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Let $(\Omega,\mathcal A,\operatorname P)$ be a probability space and $(X_t)_{t\ge0}$ be an $[0,\infty)$-valued process on $(\Omega,\mathcal A)$. Assume $X:\Omega\times[0,\infty)\to[0,\infty)$ is $(\mathcal A\otimes\mathcal B([0,\infty)),\mathcal B([0,\infty)))$-measurable and $X(\omega):[0,\infty)\to[0,\infty)$ is (right-)continuous at $0$ for $\operatorname P$-almost all $\omega\in\Omega$.

Let $$Y_t:=\int_0^tX_s\:{\rm d}s\in[0,\infty]\;\;\;\text{for }t\ge0$$ and $$Z_t:=\operatorname E[Y_t]\;\;\;\text{for }t\ge0.$$

Are we able to show that $$\frac{Z_t}t\xrightarrow{t\to0+}\operatorname E[X_0]\tag1?$$

Note that we can easily show that $$\frac{Y_t(\omega)}t\xrightarrow{t\to0+}X_0(\omega)\tag2$$ for $\operatorname P$-almost all $\omega\in\Omega$. If $$\sup_{(\omega,\:t)\in[0,\:\infty)}X_t(\omega)<\infty,$$ then we can easily conclude $(1)$ by the dominated convergence theorem.

For the general case, let $X^n:=X\wedge n$, $$Y^n_t:=\int_0^tX_s^n\:{\rm d}s\;\;\;\text{for }t\ge0$$ and $$Z^n_t:=\operatorname E[Y^n_t]\;\;\;\text{for }t\ge0$$ for $n\in\mathbb N$. By the former case, $$\frac{Z^n_t}t\xrightarrow{n\to\infty}\operatorname E[X^n_0]\tag3$$ for all $n\in\mathbb N$.

Now the idea is to conclude using the monotone convergence theorem. However, we need to let $n\to\infty$ and $t\to0+$ simultaneously ... Are we able to show that this is actually possible?

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Here is a counter-example to show that $\lim_{t\rightarrow\infty} E[Y_t/t]$ may not be $E[X_0]$:

Let $V$ be any nonnegative random variable with $E[V]=\infty$. Define $X_s=sV$ for $s\geq 0$. Then for each $\omega \in \Omega$, we have $X_s(\omega)=sV(\omega)$ is continuous at all points $s\geq 0$, and $X_0(\omega)=0$ for all $\omega \in \Omega$. However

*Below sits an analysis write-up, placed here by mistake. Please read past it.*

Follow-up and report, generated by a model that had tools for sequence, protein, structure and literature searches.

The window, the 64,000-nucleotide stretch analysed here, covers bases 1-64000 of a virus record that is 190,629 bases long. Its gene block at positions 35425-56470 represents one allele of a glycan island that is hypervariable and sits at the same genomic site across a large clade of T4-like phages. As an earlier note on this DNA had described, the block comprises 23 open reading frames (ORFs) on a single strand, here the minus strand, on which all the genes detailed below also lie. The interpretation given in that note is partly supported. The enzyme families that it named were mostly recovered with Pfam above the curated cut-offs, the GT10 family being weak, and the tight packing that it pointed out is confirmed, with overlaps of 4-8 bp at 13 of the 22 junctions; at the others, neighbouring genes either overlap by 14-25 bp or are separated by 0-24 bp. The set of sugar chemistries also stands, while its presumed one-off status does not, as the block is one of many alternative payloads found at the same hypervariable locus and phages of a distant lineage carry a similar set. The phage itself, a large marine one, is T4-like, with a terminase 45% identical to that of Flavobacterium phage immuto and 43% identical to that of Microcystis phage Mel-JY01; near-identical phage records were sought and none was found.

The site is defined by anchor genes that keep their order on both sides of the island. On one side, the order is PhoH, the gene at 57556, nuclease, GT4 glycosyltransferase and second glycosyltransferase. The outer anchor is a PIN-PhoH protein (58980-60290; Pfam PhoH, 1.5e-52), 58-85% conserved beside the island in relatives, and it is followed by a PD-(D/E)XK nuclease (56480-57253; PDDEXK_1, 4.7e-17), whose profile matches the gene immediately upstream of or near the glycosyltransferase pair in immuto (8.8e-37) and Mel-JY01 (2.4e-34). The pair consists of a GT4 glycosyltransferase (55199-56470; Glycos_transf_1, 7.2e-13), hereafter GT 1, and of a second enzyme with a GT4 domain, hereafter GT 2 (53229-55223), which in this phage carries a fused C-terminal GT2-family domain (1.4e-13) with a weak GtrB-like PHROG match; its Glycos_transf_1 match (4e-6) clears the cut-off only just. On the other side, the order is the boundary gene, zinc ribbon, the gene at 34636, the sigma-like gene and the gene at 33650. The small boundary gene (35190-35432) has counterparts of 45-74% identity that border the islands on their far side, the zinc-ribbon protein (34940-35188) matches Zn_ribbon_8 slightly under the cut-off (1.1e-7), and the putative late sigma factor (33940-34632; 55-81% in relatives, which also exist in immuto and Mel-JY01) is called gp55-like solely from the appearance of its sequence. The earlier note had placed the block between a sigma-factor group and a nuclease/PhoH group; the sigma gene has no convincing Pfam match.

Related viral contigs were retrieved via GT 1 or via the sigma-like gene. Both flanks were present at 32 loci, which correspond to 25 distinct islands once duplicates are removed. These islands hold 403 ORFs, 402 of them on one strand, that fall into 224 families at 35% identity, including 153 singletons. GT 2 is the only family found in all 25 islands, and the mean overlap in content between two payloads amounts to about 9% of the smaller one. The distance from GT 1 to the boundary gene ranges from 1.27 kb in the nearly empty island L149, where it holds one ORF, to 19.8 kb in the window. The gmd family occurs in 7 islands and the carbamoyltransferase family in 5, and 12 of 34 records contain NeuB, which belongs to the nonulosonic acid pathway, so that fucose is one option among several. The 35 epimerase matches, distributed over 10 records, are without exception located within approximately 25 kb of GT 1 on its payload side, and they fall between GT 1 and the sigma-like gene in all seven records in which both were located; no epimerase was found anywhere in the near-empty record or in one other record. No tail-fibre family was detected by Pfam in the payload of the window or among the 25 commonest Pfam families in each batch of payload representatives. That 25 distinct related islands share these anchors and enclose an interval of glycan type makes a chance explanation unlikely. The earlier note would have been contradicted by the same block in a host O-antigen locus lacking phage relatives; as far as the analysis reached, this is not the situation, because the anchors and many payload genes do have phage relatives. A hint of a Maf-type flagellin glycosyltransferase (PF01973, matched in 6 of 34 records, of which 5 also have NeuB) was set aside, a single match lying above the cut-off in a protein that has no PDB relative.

$$Y_t = \int_0^t X_s ds = Vt^2/2 \quad \forall t \geq 0$$

So $Y_t/t = Vt/2$ and $E[Y_t/t]=\infty$ for all $t>0$. $\Box$


On the other hand, by Fatou's lemma and your equation (2) we get $$ E[X_0] = E[\liminf_{t\rightarrow\infty} Y_t/t] \leq \liminf_{t\rightarrow\infty} E[Y_t/t]$$ I suppose we could also conclude this from your equation (3). The counter-example shows the inequality can be strict.

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  • $\begingroup$ Thank you for answer. Do you think the situation is different in the following case: $X=f\circ W$, where $E$ is a topological space, $(W_t)_{t\ge0}$ is an $E$-valued càdlàg process on $(\Omega,\mathcal A)$ and $f:E\to[0,\infty)$ is Borel measurable and locally bounded? $\endgroup$
    – 0xbadf00d
    Commented Jul 18, 2022 at 18:37
  • $\begingroup$ Would my same example with $E=[0, \infty)$, $W_t=tV$, and $f(x)=x$ fit that situation? $\endgroup$
    – Michael
    Commented Jul 18, 2022 at 18:47
  • $\begingroup$ It obviously does ... Sorry. Do you think there is any assumption milder than boundedness on $f$ which would turn the claim to be true? $\endgroup$
    – 0xbadf00d
    Commented Jul 18, 2022 at 18:50
  • $\begingroup$ What I think could be an interesting additional assumption is that $\operatorname P$ be replaced by a probability measure $\operatorname P_x$ with $W_t=x$ $\operatorname P_x$-almost surely and $\operatorname P_x[X_s\in U\text{ for all }s\in[0,t]]\to1$ as $t\to0+$ for all open neighborhoods $U\subseteq E$ of $x$. $\endgroup$
    – 0xbadf00d
    Commented Jul 18, 2022 at 18:52
  • $\begingroup$ Please see math.stackexchange.com/q/4495504/47771. $\endgroup$
    – 0xbadf00d
    Commented Jul 18, 2022 at 19:25

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